Tula Tantrum Tamer™
Homeopathic remedy calms tempers, tantrums and restlessness in children
http://www.nativeremedies.com/produc...-tantrums.html


Some of these are herbal remedies, my DS will never take them, so mom has inquired at a homeopathic pharmacy if they can be made into tablets. So far, she hasn't heard anything.
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#12 of 25 Old 04-24-2010, 03:15 PM
 
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My son has had those meltdowns. You need to find what sensory triggers work bests for your daughter. For my son, I'd have to turn out the lights, get his blanket, I'd physically rub the blanket on his face or hands while holding him tightly.

joensally had some great ideas of what would work. I have the sensory diet in PDF form so PM me if you'd like me to email it to you. It really works wonders. It has helped us to head off a lot of his sensory related melts and he seems happier when we incorporate it in his life.
The OP's OT should be able to provide an individualized sensory diet, specific to her DD's needs.

That sounds snappy, and I don't mean it to!

We just went through 8 sessions of OT to figure out DS's sensory diet and it was remarkable - subtle differences in what does and doesn't work for him. He needs a lot of heavy work, but certain kinds he loves and certain kinds mean nothing to him.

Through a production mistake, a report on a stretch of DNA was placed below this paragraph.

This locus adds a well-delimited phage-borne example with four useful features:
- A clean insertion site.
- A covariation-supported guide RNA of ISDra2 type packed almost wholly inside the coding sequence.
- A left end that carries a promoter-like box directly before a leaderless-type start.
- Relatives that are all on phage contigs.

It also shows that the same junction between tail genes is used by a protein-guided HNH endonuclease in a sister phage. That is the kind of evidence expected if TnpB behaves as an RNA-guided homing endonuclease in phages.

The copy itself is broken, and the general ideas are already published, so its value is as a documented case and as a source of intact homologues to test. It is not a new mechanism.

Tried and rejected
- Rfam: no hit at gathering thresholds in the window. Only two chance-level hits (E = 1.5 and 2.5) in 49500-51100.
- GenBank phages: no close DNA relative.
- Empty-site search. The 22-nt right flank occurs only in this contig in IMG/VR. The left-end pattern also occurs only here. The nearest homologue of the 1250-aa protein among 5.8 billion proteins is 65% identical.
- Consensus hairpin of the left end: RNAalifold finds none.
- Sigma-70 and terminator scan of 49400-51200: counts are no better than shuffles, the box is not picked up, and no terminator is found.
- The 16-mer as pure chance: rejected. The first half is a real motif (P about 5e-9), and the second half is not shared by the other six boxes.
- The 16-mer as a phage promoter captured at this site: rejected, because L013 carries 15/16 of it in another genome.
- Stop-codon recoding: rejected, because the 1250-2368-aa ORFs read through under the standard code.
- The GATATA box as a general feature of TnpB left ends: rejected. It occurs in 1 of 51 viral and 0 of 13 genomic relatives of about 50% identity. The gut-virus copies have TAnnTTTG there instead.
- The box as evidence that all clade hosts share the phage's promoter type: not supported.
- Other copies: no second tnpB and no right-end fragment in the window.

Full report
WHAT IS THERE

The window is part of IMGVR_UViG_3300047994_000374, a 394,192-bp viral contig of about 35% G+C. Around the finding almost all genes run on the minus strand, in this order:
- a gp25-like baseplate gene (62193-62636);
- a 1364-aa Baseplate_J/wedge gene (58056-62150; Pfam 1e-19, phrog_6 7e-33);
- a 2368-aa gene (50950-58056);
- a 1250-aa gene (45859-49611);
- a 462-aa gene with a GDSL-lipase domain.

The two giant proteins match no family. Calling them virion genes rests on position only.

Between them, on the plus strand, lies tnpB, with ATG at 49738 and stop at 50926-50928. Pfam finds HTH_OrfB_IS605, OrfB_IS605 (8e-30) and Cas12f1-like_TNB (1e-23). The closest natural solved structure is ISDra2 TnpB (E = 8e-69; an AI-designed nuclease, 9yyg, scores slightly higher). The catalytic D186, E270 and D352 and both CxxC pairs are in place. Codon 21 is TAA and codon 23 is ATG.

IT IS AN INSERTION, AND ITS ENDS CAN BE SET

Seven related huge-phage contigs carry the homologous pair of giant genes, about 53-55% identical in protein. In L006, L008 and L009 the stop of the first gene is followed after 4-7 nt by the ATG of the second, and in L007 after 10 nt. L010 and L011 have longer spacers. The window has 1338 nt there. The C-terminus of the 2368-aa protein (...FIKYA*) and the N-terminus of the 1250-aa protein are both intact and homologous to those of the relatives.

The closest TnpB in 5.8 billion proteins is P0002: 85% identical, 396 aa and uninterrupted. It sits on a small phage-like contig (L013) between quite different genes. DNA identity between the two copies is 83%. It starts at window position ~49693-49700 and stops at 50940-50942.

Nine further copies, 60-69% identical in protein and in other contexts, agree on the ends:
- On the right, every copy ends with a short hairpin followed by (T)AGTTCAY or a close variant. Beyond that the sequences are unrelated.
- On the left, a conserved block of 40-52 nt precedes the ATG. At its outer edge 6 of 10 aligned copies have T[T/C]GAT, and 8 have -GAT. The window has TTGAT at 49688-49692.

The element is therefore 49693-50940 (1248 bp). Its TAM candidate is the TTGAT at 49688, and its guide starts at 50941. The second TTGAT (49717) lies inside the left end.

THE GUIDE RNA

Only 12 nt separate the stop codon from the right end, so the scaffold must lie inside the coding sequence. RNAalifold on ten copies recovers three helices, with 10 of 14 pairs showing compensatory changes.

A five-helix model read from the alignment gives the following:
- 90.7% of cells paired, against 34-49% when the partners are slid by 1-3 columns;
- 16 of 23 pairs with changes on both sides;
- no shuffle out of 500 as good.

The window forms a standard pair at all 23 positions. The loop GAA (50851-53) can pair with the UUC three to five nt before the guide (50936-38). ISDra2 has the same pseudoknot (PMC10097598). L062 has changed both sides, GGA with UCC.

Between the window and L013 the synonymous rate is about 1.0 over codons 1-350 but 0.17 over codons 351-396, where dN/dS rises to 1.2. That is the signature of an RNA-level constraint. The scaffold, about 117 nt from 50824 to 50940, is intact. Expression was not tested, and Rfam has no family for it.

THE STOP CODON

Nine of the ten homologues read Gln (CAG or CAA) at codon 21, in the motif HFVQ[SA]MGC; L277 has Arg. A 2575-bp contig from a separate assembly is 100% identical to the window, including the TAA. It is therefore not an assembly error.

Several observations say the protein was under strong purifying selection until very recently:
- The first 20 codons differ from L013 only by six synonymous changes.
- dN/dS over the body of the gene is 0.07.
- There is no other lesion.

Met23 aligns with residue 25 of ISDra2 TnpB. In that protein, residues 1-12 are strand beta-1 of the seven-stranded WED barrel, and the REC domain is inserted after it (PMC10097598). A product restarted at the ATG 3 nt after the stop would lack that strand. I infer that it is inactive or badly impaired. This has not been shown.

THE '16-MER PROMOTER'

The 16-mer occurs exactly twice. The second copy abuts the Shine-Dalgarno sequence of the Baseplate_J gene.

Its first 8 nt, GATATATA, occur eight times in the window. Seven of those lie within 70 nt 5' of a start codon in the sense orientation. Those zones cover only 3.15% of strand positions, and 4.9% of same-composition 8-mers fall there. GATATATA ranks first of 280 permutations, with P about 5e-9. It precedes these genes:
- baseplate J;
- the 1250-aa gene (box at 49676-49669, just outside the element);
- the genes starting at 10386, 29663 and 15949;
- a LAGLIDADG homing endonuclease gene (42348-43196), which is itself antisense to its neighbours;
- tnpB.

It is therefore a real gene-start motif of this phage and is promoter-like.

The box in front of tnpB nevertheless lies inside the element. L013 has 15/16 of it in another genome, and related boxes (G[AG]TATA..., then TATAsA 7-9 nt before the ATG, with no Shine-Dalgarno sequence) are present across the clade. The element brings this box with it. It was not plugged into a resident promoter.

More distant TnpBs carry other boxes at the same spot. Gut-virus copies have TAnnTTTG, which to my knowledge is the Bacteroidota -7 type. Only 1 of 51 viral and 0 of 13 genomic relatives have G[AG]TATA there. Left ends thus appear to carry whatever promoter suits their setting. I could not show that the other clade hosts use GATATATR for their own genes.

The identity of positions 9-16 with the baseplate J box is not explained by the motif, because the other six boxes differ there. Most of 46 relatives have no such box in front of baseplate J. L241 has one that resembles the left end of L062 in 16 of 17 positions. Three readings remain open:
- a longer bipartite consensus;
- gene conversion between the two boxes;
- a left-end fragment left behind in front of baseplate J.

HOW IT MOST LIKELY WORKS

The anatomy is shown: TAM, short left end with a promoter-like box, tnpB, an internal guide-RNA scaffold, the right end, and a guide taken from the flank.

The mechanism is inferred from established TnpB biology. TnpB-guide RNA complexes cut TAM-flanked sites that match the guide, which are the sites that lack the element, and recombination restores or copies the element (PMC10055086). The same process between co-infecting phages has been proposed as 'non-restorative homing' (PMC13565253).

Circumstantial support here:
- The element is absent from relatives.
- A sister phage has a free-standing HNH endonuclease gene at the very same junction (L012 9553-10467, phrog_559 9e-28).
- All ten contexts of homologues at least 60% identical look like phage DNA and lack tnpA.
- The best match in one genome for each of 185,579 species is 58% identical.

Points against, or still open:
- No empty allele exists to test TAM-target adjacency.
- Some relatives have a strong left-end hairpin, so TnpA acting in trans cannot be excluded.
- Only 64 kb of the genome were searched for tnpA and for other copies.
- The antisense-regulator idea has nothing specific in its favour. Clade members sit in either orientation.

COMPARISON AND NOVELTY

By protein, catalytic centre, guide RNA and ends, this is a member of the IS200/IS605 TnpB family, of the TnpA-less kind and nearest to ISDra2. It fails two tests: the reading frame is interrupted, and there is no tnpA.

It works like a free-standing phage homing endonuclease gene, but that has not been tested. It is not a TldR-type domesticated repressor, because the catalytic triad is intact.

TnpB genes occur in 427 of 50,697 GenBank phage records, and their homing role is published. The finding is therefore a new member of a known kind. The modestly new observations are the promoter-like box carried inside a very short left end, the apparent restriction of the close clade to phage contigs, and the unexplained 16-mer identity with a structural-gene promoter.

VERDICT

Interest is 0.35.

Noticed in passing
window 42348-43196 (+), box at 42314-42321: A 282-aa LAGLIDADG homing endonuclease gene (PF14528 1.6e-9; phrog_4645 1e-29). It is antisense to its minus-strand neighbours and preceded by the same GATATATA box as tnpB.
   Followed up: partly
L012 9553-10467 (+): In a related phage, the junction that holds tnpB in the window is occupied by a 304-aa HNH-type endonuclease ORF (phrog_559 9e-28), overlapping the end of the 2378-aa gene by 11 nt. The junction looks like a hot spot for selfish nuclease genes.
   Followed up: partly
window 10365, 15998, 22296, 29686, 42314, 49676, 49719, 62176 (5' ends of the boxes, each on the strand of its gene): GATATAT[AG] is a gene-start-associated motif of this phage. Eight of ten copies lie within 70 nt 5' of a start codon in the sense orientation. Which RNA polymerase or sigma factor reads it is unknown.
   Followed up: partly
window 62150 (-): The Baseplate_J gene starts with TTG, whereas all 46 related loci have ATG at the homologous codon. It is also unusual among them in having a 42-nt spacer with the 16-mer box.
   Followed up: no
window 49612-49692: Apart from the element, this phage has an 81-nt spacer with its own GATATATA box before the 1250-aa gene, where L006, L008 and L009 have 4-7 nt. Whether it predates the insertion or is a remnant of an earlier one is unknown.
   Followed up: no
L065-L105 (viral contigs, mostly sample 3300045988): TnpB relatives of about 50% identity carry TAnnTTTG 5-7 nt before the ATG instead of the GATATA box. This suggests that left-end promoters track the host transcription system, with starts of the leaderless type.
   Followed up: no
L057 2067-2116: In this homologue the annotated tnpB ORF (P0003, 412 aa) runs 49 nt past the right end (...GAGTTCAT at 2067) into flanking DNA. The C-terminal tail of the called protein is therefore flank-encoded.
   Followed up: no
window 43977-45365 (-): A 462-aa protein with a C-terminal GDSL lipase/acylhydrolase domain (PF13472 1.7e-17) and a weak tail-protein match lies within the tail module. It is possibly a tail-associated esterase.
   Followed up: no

Mom to a teenager and a middle schooler.

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#13 of 25 Old 04-24-2010, 04:38 PM
 
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So is the stern voice snapping her out of them?
If it is I'd wonder if she's like my son. Stern didn't (made it worse for him) but anything that got his mind engaged was the only thing that would help. At that age it was incredibly difficult. But if I could get him thinking about something (A, B, oh...what letter comes after A B (I'm talking to myself loudly) oh, I know X! and he might (if I caught it fast enough into the issue) correct me and if I kept going he would eventually get his emotion under control. You can't be in thinking brain and emotional brain at the same time.

My son was also much more likely to melt down when he was hungry (very sensitive to lowish blood sugar so he needs to have food every 2.5 to 3 hours) or tired or sick.

On the sensory stuff I wonder if she could wear sound muting head phones? My sound sensitive son wore ear plugs. How about sunglasses for the brightness? (my other son had (has) extremely sensitive eyes--he wore sunglasses and hat a lot when he was younger--I don't think anyone ever thought anything outside of cute or at least that's what I told myself).